In all, the people of Korea spewed around 250 tonnes of gold to the outside world, about a quarter ounce for every adult in Korea. But it did no good other than to rid Korea of her reserves. That's ten times the amount of gold the BoK just purchased last month. But at $300/oz. in 1998, it was barely a drop in the bucket. That was a mere $2+ billion in US dollar value to add to the $9 billion in foreign currency the BoK was able to deploy.
Here are some quotes from ANOTHER during the Asian crisis:
Date: Fri Dec 12 1997 21:33
ANOTHER (THOUGHTS!) ID#60253:
Even Korea will find out that oil is all that counts. Their paper will die! Gold would have helped them in a different world, but for now gold is in the background as the IMF tries to add more paper to this inferno. If one owns real gold, it will be with ease to view the world currency developments. They will be truly of biblical proportions!
Date: Wed Feb 04 1998 23:23
ANOTHER (THOUGHTS!) ID#60254:
Mr. Studio. R.,
Will several ( or many ) bullion banks fail?
"when one cannot repay a loan, it is done" !
Are the bullion banks bonded?...
In the real national/ world there is no such thing as "bonded".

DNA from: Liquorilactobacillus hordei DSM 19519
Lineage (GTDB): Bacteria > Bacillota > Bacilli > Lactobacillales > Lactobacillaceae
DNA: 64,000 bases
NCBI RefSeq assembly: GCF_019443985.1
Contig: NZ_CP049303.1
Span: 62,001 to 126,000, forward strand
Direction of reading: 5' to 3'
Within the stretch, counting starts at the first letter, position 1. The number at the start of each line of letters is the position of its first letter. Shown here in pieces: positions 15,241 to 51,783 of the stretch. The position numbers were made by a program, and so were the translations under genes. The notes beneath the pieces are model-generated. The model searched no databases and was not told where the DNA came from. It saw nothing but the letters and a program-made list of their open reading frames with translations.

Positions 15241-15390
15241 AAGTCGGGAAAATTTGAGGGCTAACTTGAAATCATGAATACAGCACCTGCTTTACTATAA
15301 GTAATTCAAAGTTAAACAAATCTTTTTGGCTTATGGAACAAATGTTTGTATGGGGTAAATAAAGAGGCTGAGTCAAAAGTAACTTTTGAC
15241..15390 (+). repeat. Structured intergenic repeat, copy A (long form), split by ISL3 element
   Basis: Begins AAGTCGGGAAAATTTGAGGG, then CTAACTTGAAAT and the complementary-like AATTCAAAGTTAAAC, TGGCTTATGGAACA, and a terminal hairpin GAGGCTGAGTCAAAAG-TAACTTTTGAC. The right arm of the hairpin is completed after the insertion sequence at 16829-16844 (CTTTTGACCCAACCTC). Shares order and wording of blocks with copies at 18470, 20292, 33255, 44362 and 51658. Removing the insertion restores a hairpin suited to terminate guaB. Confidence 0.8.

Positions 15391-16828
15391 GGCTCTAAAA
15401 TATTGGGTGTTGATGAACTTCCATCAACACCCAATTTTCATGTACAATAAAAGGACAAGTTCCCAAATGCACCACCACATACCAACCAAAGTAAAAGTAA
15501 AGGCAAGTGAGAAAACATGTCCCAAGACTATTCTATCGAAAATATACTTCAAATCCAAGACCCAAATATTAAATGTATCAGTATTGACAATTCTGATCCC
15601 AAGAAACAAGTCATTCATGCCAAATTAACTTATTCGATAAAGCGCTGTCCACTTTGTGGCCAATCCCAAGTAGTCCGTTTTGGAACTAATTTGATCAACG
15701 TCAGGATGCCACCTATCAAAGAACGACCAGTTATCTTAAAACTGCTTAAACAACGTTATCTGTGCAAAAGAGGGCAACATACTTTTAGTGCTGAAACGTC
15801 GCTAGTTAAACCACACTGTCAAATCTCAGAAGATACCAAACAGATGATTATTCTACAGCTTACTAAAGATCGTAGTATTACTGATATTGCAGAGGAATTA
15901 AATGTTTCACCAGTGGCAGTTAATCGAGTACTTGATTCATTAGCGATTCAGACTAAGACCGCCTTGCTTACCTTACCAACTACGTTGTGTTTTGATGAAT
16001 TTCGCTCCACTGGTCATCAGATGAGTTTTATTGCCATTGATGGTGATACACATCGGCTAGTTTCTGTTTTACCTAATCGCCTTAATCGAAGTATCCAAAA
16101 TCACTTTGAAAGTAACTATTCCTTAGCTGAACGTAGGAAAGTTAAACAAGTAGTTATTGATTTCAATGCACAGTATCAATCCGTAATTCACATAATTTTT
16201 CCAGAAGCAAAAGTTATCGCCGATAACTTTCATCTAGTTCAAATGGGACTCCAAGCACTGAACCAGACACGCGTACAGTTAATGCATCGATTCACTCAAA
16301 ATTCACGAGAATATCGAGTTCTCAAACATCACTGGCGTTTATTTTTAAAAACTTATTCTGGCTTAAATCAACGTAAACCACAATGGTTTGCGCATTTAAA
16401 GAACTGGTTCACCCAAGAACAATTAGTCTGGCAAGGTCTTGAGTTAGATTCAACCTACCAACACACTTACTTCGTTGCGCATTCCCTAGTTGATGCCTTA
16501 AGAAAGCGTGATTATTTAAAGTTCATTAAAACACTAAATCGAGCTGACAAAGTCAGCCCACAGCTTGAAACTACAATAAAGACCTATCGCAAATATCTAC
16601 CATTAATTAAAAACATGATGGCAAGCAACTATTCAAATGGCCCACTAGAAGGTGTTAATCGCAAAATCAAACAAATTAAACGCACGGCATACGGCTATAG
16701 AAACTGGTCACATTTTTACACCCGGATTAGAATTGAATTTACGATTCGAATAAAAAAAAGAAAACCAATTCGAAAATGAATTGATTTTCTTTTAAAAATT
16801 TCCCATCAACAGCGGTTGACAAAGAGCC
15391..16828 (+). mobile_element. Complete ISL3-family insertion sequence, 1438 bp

Look to Korea for proof!
Date: Sat Apr 18 1998 19:18
ANOTHER (THOUGHTS!) ID#60253:
But, how can this be, you ask? It is done, "right before your eyes" and we see it not! I ask you, if you have one ounce of gold, and sell it on the market for $300, it is worth $300, yes Now, what if CB hold one ounce of gold, and sell it twenty times, that one ounce is now worth $6,000, no? The difference between you and CB? The persons that hold "interbank" IOU for gold, value it at the multiple of leases/sales made against reserves. This leverage, it is held for performance on bank part. The BIS, it force performance, on any economy! You ask Korea about gold, yes?
I hope these quotes from ANOTHER make a little more sense now that you have the context in which they were written. And now back to the BoK gold purchase.
The news reports said the BoK "entrusted all of its gold holding to the Bank of England for possible use in gold lending and other related transactions in future." That sounds like an "interbank IOU for gold" doesn't it? Perhaps it's even in a BIS sight account!